Trying to source strong (and cheap) electromagnets

Heya!

I'd like to use 16 electromagnets arranged in a 4x4 grid under a perfectly leveled glass plate to move around a steel ball on the surface of the plate. By turning the 16 magnets ON and OFF in different sequences the ball would roll around in different patterns.

I bought an 11 lbs holding electromagnet lift solenoid from Amazon and used a 1/2 inch E52100 steel ball for a first test. Unfortunately the magnet wasn't strong enough to move the ball even when the ball was just 1/2 inch off horizontally from the magnet.

Looking through different options on Amazon I found different types of electromagnets: a sucked electric lifting magnet electromagnet, a electric lifting magnet electromagnet, the holding electromagnet lift solenoid, etc. Are those basically all the same or are there some essential differences? If there are differences which one would be the best for my application? I also will increase the lifting force, of course.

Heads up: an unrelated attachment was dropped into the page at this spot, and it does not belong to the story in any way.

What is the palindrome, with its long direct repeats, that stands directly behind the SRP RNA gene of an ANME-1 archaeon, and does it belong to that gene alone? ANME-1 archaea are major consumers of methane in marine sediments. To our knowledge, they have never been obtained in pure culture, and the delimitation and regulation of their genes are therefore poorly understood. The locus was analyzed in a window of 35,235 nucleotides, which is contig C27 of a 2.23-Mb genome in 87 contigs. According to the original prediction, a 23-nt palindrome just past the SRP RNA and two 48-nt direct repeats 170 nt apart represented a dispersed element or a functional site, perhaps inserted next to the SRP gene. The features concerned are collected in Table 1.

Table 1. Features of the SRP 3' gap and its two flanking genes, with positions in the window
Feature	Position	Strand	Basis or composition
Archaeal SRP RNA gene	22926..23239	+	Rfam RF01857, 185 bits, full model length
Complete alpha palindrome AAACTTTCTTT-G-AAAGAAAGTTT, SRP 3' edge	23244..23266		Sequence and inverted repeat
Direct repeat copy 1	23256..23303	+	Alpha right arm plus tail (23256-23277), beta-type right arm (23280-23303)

Are there more suitable balls than the E52100 alloy that are somewhat affordable?

Thank you for your help in advance!

Erwin

Just make some. Its a wire around a metal core.

I bought an 11 lbs holding electromagnet lift solenoid from Amazon and used a 1/2 inch E52100 steel ball for a first test.

How did you power the electromagnet? A 1/2 inch steel ball should be no problem for a 11 lb electromagnet.

More to the point what current did you put through the electromagnet.

The inverse cube law of magnetic fields ensures that the force drops off very rapidly with distance.